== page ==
Suffs - Photo Joan Marcus
Suffs – Photo Joan Marcus

Feisty, funny and heartfelt, “Suffs” is this season’s best Broadway musical surprise. It chronicles how women battled for the basic right to vote.  Calling themselves ‘suffragists,’ or ‘suffs,’ not ‘suffragettes,’ the original activists were not only opposed by gender and generations but also by racial rigidities.

Opening with Carrie Chapman Catt (Jenn Colella) and the chorus warbling the rousing “Let Mother Vote,” reminding men: “We raised you after all/won’t you thank the lady you have loved since you were small…We reared you/cheered you/raised you when you fell/with your blessing, we could help America as well.”

Then there’s young, outspoken radical Alice Paul (Shaina Taub) of the National Women’s Party, trying to find common ground with non-confrontational rival Catt as well as workers’ rights spokeswoman Ruza Wenclawska (Kim Blanck) and Black historical icons like investigative journalist Ida B. Wells (Nikki M. James) and Mary Church Terrell (Anastacia McClosky), who refuse to be left behind. 

Let’s not forget flamboyant labor lawyer Inez Milholland (Hannah Cruz) and their generous benefactor Alva Belmont (Emily Skinner)…plus Grace McLean, hamming it up as President Woodrow Wilson, with Tsilala Brock as his dutiful assistant Dudley Malone, who eventually sides with the women.

The book, music and lyrics by Shaina Taub combine as a total statement that depends for its potency more on the sum of its parts than on the strength of any one component, especially the raucous, hilarious, show-stopping “G.A.B.”

Sadly, humor totally vanishes in the second act when earnest, assertive Alice Paul is arrested and thrown in jail where she goes on an extended hunger strike and additional setbacks arise.

After years in development and a 2022 Off-Broadway run at the Public Theater, “Suffs” has obviously evolved, becoming less didactic and adding former Presidential contender/Secretary-of-State Hillary Clinton and Nobel Prize-winner Malala Yousafzai as co-producers. 

The creative team includes director Leigh Silverman, choreographer Mayte Natalio, music supervisor/director Andres Grody, costumer Paul Tazewell, scenic designer Riccardo Hernandez and lighting expert Lap Chi Chu. Plus, the pit orchestra is entirely comprised of women musicians.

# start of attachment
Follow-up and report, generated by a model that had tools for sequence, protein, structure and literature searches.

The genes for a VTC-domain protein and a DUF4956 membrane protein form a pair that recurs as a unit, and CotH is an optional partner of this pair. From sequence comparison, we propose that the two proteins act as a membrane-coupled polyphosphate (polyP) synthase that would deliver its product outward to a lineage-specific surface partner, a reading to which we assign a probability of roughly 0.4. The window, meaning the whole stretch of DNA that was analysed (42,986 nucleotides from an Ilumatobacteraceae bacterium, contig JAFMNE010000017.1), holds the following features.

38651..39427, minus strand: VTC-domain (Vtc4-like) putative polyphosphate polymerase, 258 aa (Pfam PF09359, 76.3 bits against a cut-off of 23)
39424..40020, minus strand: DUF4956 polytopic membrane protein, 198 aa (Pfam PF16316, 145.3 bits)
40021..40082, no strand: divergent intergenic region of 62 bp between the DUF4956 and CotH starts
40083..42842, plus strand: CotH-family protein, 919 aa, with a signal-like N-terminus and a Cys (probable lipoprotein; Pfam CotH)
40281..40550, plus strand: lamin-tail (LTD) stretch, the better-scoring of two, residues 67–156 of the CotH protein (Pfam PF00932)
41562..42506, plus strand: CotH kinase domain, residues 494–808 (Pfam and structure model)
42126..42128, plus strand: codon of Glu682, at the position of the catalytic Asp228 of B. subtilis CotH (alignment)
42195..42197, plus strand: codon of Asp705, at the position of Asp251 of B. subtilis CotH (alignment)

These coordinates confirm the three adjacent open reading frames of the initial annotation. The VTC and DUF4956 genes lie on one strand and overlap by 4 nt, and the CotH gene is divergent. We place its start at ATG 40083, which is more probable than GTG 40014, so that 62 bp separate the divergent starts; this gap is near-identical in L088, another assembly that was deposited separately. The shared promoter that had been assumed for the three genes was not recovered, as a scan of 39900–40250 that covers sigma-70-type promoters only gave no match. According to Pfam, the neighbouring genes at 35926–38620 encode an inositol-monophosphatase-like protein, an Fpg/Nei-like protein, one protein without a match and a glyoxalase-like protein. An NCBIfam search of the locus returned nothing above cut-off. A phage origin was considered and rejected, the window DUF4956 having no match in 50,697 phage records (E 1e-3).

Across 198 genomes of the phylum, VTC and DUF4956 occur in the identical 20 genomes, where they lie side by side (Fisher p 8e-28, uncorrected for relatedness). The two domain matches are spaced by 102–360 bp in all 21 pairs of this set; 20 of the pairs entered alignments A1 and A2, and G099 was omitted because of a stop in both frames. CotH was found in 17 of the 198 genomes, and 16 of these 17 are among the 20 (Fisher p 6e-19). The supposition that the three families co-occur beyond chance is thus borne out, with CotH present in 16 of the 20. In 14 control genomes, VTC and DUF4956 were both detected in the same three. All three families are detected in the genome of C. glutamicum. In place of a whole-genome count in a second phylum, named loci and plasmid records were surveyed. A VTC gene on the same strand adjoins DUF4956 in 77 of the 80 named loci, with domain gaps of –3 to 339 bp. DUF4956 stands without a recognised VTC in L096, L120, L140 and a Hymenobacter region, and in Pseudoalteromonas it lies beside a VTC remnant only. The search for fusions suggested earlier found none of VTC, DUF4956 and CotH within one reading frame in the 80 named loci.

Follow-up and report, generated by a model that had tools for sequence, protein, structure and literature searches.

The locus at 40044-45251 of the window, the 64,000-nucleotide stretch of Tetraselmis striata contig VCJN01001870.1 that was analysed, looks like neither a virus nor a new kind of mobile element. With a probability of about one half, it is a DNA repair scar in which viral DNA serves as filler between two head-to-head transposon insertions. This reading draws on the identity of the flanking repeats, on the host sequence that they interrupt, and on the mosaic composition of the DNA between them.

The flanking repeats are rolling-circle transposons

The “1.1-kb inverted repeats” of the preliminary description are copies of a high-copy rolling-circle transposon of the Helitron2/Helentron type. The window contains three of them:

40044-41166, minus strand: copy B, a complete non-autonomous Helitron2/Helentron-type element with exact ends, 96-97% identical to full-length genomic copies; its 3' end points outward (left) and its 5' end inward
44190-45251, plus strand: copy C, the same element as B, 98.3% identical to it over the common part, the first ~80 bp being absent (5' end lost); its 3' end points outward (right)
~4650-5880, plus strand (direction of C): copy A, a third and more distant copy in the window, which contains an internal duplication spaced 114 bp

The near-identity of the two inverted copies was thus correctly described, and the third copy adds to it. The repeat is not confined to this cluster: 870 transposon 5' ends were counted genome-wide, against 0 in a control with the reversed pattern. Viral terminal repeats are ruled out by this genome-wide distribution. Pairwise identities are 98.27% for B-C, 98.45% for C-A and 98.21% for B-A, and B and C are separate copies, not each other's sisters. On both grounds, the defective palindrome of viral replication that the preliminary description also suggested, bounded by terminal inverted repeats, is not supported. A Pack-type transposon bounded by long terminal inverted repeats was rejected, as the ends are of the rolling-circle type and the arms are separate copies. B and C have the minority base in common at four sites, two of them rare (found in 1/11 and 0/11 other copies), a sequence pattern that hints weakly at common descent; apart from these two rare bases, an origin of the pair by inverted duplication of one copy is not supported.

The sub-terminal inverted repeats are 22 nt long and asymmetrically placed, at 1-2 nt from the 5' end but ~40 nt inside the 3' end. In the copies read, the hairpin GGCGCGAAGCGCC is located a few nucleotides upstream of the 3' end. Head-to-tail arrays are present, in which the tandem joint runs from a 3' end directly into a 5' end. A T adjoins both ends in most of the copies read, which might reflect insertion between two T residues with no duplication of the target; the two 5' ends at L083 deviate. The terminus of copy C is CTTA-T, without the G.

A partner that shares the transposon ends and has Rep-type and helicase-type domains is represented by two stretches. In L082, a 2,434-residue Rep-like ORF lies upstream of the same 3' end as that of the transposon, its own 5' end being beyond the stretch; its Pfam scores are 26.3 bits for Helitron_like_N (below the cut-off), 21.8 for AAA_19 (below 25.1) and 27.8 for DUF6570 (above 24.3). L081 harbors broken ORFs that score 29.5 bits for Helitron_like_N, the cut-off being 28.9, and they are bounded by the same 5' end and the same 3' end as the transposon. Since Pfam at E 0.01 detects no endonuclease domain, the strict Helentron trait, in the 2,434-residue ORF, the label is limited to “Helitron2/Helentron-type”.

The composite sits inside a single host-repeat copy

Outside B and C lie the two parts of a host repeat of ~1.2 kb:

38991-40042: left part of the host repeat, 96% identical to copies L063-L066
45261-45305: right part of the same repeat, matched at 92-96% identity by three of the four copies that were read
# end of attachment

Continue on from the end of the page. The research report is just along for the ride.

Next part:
The timing is right for provocative “Suffs”. . . as those of us who can – go marching on.

Worst Sequels - Photos Paramount Pictures, Walt Disney, Sony Pictures Entertainment, Marvel
Worst Sequels – Photos Paramount Pictures, Walt Disney, Sony Pictures Entertainment, Marvel

If you feel that movie theaters are being inundated with reboots and sequels, you’re right. They’re everywhere – with more on the way! recently did a Worst Movie Sequel Study, searching through more than 100,000 IMDb reviews for nine different negative keywords – including ”boring,” “waste” and “trash” – to decide which of the highest-grossing movie sequels are the all-time worst. 

Here are the results:

  1. Michael Bay’s “Transformers: Age of Extinction” 
  2. George Lucas’ “Star Wars Episode VII: The Last Jedi”
  3. James Bond’s “Skyfall”
  4. “Avengers” appeared three times, making it the worst-reviewed franchise

The primary reason reboots and sequels are made is simple: money. Filmmakers just take what worked in the original, sprinkle in some new twists with beloved characters and familiar settings – and you’ve got another installment.

Conversely, research has shown that when there’s a new film that no one knows anything about, something that doesn’t emanate from a popular novel, a completely new story, audiences may be reluctant to line up at the box-office.

So remakes are – generally – a safe bet. Since “Kung Fu Panda 4,” “Dune: Part Two,” “Ghostbusters: Frozen Empire,” and “Gorilla vs. Kong: The New Empire” have already opened at local theaters, popcorn partisans are eagerly awaiting “Kingdom of the Planet of the Apes” and “Bad Boys 4.” 

Love ‘em or loathe ‘em, 2024 also beckons “Deadpool 3,” “Venom 3,” “Sonic the Hedgehog 3”, “Despicable Me 4,” “Beetlejuice 2,” “Inside Out 2,” “Twisters,” and “Gladiator 2.” 

Don’t say you weren’t warned.

Westport resident Susan Granger grew up in Hollywood, studied journalism with Pierre Salinger at Mills College, and graduated from the University of Pennsylvania with highest honors in journalism. In addition to writing for newspapers and magazines, she has been on radio/television as an anchorwoman and movie/drama critic for many years. See all her reviews at